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USDOT Grants $82.6 Million for Road Safety in 46 States

The United States Department of Transportation announced it awarded $82.6 million in road safety planning grants to 46 states.

“Whether it’s a dangerous intersection or highway or a need for better bus and bike lanes, no one can better pinpoint a community’s safety needs than the people who actually live and work there,” Transportation Secretary Pete Buttigieg said Oct. 27. 

“In the past five years, the communities we are awarding these grants to experienced nearly 14,000 roadway deaths. To help change that unacceptable reality, we are proud to deliver this needed funding to help them address their unique safety needs and save lives.”

“These funds will help communities develop safety action plans, inform improvements along corridors with safety issues, use ‘quick-build’ strategies to test out safety features, such as separated bicycle lanes or curb extensions at intersections, and more,” said the DOT.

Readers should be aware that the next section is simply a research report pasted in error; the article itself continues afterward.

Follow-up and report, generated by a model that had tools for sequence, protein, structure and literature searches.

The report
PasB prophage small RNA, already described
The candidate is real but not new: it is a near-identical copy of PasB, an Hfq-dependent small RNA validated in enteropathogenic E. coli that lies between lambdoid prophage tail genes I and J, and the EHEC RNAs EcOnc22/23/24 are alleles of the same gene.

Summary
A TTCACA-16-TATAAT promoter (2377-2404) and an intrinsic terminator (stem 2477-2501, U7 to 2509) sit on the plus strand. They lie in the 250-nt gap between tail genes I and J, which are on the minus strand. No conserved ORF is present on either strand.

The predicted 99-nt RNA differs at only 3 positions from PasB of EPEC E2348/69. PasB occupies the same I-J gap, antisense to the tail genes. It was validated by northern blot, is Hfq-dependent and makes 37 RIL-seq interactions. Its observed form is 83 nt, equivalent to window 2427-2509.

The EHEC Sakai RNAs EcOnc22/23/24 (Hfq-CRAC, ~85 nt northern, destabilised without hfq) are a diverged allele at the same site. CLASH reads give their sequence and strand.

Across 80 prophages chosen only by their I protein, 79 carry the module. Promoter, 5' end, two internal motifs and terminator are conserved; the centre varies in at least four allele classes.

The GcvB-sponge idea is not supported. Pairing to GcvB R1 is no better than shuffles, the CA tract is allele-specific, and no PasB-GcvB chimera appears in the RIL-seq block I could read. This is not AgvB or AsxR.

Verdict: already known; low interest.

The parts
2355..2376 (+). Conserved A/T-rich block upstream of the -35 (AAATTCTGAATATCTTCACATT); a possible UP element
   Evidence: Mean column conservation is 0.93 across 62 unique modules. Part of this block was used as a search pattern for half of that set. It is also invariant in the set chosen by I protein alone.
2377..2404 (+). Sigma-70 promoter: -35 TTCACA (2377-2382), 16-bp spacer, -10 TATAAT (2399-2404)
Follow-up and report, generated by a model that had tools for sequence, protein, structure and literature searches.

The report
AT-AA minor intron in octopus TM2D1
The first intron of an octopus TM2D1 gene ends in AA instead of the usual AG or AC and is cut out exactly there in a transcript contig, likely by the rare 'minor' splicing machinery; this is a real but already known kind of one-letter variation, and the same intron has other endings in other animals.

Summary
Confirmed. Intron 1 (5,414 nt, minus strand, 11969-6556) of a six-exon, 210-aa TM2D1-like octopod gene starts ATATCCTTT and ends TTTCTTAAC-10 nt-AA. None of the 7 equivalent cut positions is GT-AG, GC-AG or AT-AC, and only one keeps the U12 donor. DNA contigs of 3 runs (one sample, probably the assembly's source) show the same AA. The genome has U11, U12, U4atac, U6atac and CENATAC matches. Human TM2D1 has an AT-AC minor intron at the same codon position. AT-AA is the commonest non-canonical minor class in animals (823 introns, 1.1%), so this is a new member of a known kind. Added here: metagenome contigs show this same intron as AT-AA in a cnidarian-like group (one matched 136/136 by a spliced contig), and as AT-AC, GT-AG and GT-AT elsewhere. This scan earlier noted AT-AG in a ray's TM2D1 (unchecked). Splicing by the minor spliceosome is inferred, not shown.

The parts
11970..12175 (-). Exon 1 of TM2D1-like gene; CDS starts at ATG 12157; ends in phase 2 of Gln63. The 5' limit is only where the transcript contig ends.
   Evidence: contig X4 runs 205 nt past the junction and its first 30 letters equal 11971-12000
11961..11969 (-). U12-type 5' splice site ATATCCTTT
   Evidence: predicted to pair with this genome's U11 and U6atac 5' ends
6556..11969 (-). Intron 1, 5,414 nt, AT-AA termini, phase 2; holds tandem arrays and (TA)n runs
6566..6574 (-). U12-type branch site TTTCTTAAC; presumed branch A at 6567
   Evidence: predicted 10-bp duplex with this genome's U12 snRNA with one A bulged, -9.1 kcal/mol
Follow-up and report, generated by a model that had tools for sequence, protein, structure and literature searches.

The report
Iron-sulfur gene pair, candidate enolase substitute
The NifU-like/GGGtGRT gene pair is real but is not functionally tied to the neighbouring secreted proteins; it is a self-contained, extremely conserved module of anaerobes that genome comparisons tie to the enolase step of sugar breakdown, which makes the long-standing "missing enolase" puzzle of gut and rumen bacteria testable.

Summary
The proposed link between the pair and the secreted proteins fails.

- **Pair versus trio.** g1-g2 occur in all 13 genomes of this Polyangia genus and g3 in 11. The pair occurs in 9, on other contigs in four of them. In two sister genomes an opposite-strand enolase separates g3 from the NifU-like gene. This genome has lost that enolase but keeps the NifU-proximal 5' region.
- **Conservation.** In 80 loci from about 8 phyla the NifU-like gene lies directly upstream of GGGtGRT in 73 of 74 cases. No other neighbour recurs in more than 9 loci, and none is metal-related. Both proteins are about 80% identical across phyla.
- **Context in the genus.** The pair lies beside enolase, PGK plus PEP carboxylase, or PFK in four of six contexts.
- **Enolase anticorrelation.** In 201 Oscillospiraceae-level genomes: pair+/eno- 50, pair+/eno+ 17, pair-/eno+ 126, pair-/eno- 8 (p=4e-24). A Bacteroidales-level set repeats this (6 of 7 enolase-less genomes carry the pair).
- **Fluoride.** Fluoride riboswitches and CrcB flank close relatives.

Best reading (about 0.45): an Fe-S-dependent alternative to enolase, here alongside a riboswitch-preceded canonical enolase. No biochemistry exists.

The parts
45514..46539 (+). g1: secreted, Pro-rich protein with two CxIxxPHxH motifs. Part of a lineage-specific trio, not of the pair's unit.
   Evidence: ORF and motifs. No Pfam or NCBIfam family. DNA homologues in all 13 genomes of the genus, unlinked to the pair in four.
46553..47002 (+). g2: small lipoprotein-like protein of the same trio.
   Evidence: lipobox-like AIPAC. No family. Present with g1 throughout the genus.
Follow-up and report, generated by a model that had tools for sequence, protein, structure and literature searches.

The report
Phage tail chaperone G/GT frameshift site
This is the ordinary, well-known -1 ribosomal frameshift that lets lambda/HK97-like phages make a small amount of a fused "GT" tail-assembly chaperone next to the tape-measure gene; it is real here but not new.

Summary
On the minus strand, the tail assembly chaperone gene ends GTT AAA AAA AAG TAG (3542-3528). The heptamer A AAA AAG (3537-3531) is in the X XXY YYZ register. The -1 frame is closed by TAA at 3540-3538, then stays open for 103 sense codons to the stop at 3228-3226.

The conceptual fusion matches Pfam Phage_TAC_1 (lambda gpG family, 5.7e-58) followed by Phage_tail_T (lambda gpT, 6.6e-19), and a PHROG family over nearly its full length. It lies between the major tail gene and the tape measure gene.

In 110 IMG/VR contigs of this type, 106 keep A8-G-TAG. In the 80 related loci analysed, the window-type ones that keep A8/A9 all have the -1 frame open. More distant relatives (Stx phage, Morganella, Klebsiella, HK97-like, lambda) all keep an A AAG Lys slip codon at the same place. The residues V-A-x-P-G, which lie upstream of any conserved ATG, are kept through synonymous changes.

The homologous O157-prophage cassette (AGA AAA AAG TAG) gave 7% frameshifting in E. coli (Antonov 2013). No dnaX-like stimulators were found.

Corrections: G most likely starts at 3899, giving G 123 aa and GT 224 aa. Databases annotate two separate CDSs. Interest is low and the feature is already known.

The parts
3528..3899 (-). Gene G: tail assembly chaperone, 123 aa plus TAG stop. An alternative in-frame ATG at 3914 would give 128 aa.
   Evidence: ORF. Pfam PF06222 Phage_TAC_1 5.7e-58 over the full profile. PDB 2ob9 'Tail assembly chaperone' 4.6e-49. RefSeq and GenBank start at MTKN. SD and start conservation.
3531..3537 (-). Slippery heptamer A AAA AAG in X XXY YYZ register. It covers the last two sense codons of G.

Deputy transportation secretary Polly Trottenberg said that DOT “is so excited to partner with communities all across the country to quickly and nimbly get these plans ready for action.”

Allocations include Rifle, Colo., a regional cattle ranching area along Interstate 70.

DOT is providing $120,000 to conduct a safety analysis to create an action plan to reduce fatalities and serious injuries. 

Pasco County in Florida will receive $320,000 in federal dollars to fund a $400,000 safety action plan “to address the epidemic of transportation-related fatalities and serious injuries” on county roads, according to DOT. 

“In 2023, Pasco County is one of the fastest-growing counties in the third-fastest-growing state in the country, and one of the most dangerous counties for all road users based on” the number of transportation-related crashes that resulted in fatalities and serious injuries, DOT said.

Rushville, Indiana, U.S. Route 52 and state roads 44 and 3 between Cincinnati and Indianapolis, will use 80% of its federal grant to complete a $984,500 road safety plan. 

The area is experiencing a “rapid increase in volume of commercial traffic, and heavyweight freight vehicles have created safety issues for all road users in this area, namely commercial operators, motorists, local agricultural producers operating farm equipment and Amish community members using horse-and-buggies.”

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